Don’t expect any capes or costumes.
We’re just a day away from the debut of the year’s first new superhero adaptation, the FX series Legion. It comes from both the pages of Marvel Comics and from the mind of Fargo showrunner Noah Hawley, and though it stars a long-running X-Men character, he’s an extremely obscure one. To make matters more confusing, the advertising for the show leaves it very unclear whether or not the show will even feature the X-Men. It’s all quite baffling. Fear not, noble reader! Vulture is here to break down the ingredients of this deliberately disorienting television concoction.
What’s the deal with the title? What does Legion mean?
It has something of a double meaning. The show is about a troubled man with enormous psychic powers named David Haller (Downton Abbey’s Dan Stevens), and the character has its origins in the pages of Marvel Comics, where the people around him nicknamed him “Legion.” The nickname referred to the fact that he has a legion of multiple personalities inside his head. In the show, he still has those personalities, but he doesn’t have that nickname (at least in the episodes released to critics), so the name mostly refers to the multiple voices in his brain.
Those superpowers sound … complicated. Can you lay them out a little more clearly?
Well, they’re not actually well-defined in the first few episodes. They have something to do with David’s brain, and he apparently has the ability to move stuff telekinetically, but the nature of the voices in his head is unclear. He doesn’t seem to be overtaken by the different personalities like the dude in Split, but who knows what the future holds? In the comic-book source material, David often accumulates his personalities by drawing other people’s consciousnesses into his brain. But, again: We don’t really know what’s going on with the Legion version of the character, other than telekinesis.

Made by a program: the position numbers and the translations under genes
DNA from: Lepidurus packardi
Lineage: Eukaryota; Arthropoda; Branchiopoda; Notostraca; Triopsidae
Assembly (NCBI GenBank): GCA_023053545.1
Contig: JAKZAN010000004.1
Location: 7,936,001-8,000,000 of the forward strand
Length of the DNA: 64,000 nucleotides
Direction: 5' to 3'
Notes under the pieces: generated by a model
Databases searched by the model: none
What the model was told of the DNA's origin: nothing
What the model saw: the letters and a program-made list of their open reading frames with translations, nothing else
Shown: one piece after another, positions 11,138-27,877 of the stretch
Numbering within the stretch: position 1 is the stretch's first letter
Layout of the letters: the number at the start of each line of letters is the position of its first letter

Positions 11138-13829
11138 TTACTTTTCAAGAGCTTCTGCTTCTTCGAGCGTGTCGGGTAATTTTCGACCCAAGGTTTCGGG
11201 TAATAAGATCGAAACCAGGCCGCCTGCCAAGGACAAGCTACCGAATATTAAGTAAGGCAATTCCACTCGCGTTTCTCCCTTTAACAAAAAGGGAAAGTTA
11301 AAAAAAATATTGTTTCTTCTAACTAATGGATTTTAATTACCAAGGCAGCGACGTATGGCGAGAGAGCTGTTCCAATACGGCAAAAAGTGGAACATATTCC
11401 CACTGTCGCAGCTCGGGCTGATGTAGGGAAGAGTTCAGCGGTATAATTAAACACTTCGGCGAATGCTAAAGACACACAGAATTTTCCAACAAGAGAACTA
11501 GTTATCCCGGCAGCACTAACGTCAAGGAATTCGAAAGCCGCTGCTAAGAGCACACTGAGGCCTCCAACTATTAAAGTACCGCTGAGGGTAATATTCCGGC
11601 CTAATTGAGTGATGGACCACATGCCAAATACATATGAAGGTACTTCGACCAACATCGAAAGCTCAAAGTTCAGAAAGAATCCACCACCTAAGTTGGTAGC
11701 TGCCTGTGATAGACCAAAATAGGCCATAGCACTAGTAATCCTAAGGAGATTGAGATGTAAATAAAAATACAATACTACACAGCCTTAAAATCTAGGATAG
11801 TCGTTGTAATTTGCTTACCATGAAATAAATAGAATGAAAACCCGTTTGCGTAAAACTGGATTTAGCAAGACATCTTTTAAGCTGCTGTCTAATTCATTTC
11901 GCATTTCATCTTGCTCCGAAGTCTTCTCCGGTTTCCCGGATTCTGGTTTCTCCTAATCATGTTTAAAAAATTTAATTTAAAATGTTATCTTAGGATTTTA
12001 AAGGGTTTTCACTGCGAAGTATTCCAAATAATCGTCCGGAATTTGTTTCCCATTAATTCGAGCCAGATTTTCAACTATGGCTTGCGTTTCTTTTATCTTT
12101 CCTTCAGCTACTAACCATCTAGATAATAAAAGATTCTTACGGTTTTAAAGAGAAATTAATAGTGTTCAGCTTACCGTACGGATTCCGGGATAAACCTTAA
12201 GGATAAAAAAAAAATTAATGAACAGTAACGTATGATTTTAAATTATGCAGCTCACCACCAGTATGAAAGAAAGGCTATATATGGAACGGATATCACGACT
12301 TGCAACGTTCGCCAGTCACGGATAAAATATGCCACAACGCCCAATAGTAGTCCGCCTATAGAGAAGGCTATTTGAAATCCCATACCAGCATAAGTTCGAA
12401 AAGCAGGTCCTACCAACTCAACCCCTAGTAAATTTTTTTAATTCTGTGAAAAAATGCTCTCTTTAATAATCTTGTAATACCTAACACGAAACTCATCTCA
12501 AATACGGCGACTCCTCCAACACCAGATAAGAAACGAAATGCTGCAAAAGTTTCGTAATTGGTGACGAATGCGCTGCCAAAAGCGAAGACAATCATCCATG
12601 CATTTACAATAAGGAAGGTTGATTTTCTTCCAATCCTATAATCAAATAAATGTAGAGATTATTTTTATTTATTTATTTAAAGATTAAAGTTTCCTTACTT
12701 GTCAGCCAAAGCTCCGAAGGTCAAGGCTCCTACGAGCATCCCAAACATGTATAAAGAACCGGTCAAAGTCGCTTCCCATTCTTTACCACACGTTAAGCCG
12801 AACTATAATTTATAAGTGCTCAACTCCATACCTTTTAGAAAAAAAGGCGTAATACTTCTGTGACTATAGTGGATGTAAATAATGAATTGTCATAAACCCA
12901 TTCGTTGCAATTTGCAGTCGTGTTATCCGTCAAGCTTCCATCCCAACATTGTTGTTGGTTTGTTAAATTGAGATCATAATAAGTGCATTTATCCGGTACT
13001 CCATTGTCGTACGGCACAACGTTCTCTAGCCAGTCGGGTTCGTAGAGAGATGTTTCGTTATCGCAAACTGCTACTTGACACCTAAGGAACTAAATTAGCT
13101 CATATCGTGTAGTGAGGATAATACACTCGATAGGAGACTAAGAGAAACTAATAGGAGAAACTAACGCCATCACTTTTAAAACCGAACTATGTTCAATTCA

What comics has he been in?
David has almost exclusively appeared in comics about Marvel’s angsty mutants in the X-Men and their affiliate teams.
Oh, so he’s an X-Man?
Not really. Just a member of the supporting cast (and son of X-Men founder Charles Xavier). He’s occasionally a threat — but only because he’s mentally unstable, not because he’s eeeeeevil.
Are the X-Men in the show? Is it set in the same universe as the movies? Will I see Hugh Jackman’s sideburns on FX?
There are no X-Men to be found in the show. There’s a collective of mutants with metahuman abilities who are on the run from shadowy government forces, but they’re not X-Men, nor do the X-Men exist in the world of Legion. Despite contradictory reports over the past few months about the show’s relationship to the X-Men movies, it appears that they are set in a totally separate universes.
So Legion isn’t part of the X-Men franchise?
It’s not part of the X-Men cinematic universe that’s been rolling along since 2000’s X-Men and will continue with Logan, but it’s still owned by Fox and part of their stable of X-Men-based intellectual property.